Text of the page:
How Many New Twitter Users Post-Oprah? A Lot. Maybe Over A Million.

20090417-tows-oprah-twitter-290x218Late last night, former Engadget editor-in-chief Ryan Block tweeted out that he had done some research to attempt to quantify the “Oprah Effect” — that is, the number of users who signed up for Twitter after Oprah featured the service on her show on Friday. The number he came to? 1.2 million.

So did 1.2 million people actually sign up for Twitter as a result of Oprah? It’s possible, but tracking down this data is a bit tricky. I asked Block what method he used, and he told me he looked at the user ID on a Twitter account from early Friday versus one from the afternoon on Sunday. You see, while most people only know their Twitter name, if you look at the RSS feed for your Twitter account, you’ll see a number assigned to it — that’s your user ID, and Twitter increments it upward as new people sign up.

An account I created just now, for example, has an ID of 33471207. One I created on Friday night (a few hours post-Oprah) had an ID 32779621. Does this mean 700,000 signed up between then and now? Probably not. Twitter has a lot of users, but it does not have 33 million. The reason the user IDs are that high is because Twitter stopped incrementing the number sequentially in March 2007. While it’s not entirely clear what method it switched to, at least one theory had it going back and forth between sequential and increments of 10.

If that pattern is correct — and there isn’t much to suggest that it is, but bear with me — then it would probably make sense to divide any number you get by 5 (half of 10 because it’s not always going up by 10). But, as I noted, my first number was from Friday night. That was a few hours after the show, and likely after many of the new users had finished signing up. So I went back to look at other users who likely signed up around the same time.

Oprah, herself, isn’t a good one to use because while she started tweeting on Friday, her account was actually created in March — 2007, as Twitterholic notes. I’m pretty sure someone else had control of it until about a week ago when Oprah took it over. But Gayle King, editor of Oprah’s O magazine, did sign up right around then. She technically signed up on April 16, the day before the Oprah show. Her ID is 29546945.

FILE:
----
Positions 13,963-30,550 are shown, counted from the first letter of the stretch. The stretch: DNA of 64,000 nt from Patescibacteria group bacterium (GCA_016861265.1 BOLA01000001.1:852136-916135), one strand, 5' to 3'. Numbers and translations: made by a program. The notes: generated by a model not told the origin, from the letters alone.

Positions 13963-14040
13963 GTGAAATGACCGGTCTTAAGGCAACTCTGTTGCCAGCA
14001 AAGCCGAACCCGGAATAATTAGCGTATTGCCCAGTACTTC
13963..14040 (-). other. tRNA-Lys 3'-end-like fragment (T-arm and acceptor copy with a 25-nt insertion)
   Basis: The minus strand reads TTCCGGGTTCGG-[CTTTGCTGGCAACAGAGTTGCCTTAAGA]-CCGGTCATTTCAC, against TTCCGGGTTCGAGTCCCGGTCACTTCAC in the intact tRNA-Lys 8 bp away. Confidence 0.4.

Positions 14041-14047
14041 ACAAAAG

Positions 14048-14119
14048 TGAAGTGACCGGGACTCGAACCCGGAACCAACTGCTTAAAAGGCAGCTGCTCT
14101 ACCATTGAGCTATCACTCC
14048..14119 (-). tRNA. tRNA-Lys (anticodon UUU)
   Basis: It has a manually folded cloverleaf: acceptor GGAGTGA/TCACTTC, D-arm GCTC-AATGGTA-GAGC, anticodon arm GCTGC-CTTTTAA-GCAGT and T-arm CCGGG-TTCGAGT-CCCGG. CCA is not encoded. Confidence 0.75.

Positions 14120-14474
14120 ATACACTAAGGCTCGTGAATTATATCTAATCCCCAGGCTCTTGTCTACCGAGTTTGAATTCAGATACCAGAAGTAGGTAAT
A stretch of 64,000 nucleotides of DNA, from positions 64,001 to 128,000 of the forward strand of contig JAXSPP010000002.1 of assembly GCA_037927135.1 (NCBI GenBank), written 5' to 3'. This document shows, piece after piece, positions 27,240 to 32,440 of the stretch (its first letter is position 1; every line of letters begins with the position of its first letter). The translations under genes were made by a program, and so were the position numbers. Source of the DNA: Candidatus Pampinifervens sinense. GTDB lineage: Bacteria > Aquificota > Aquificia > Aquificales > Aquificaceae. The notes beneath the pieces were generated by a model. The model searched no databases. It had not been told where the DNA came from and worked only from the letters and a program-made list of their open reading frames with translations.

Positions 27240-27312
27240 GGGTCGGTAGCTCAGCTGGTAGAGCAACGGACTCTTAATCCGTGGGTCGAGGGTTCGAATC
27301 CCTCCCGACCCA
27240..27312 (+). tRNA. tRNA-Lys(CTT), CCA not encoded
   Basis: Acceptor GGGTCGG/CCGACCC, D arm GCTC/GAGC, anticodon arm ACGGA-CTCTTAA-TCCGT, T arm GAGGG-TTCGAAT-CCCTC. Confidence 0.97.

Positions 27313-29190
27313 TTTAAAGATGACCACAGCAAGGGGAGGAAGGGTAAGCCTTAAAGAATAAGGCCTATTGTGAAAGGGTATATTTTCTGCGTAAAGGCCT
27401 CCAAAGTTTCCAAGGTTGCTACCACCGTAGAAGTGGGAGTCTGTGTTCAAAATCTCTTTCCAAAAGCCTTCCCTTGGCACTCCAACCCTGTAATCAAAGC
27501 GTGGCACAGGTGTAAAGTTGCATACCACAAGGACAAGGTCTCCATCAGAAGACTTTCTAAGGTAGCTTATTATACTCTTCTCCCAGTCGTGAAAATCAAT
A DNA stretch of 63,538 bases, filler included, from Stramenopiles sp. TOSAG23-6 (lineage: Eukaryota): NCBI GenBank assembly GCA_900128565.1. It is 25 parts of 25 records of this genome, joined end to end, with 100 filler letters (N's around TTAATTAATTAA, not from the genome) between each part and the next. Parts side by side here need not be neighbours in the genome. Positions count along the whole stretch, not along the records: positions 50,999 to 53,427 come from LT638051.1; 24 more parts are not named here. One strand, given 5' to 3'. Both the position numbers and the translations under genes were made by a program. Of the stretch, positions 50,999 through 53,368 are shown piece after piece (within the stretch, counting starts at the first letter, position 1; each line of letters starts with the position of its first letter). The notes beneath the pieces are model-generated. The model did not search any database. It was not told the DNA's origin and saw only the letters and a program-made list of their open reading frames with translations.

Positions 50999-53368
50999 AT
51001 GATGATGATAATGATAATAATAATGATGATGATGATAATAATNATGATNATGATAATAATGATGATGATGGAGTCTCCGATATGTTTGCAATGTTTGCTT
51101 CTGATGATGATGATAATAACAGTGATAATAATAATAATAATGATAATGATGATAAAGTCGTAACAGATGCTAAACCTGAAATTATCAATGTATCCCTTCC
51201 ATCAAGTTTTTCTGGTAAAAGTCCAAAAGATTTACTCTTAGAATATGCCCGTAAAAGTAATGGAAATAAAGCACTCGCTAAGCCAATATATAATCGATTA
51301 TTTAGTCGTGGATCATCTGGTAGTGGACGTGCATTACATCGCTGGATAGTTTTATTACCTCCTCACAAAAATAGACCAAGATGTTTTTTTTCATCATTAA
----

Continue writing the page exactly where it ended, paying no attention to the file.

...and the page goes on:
picture-41But, remember that Thursday was the crazy race between Ashton Kutcher and CNN to be the first Twitter user with a million followers. It’s likely that a lot of people signed up that day as well, just to join that race. So King’s number isn’t perfect either. But let’s just say that when Oprah started tweeting, the user IDs were probably around 30000000. That means that between then and now it has gone up nearly 3.5 million ID numbers. Divide by 5 and you get 700,000.

Again, that’s all contingent on an assumption that Twitter is incrementing the numbers in this odd rotation — which is far from a sure thing. But it’s certainly not doing it entirely sequentially, so it’s not to unreasonable to think that the number of users that signed up between Oprah’s show on Friday and today is somewhere between 500,000 and 1.5 million.

And that’s huge. Almost exactly a year ago, we noted that Twitter likely had somewhere just north of a million total users. The service has exploded in popularity since then, and recent estimates have it somewhere in the 5 to 10 million users range. That means that Oprah may have helped bring on a significant percentage of new users in just a few days. Not that it’s shocking in the least. Yes, some of those users would have signed up anyway, some were there for the Kutcher/CNN showdown, and a lot are likely spam. But a very good chunk are thanks to Oprah.

Naturally, I asked Twitter for some actual numbers to share, and co-founder Biz Stone said they hadn’t planned to release any, but thought it might be interesting, and that he’d look into it this week. So you can probably expect a blog post from him sometime this week, though I’m sure it will be vague, showing spikes in sign-ups in relation to other days — rather than actual numbers.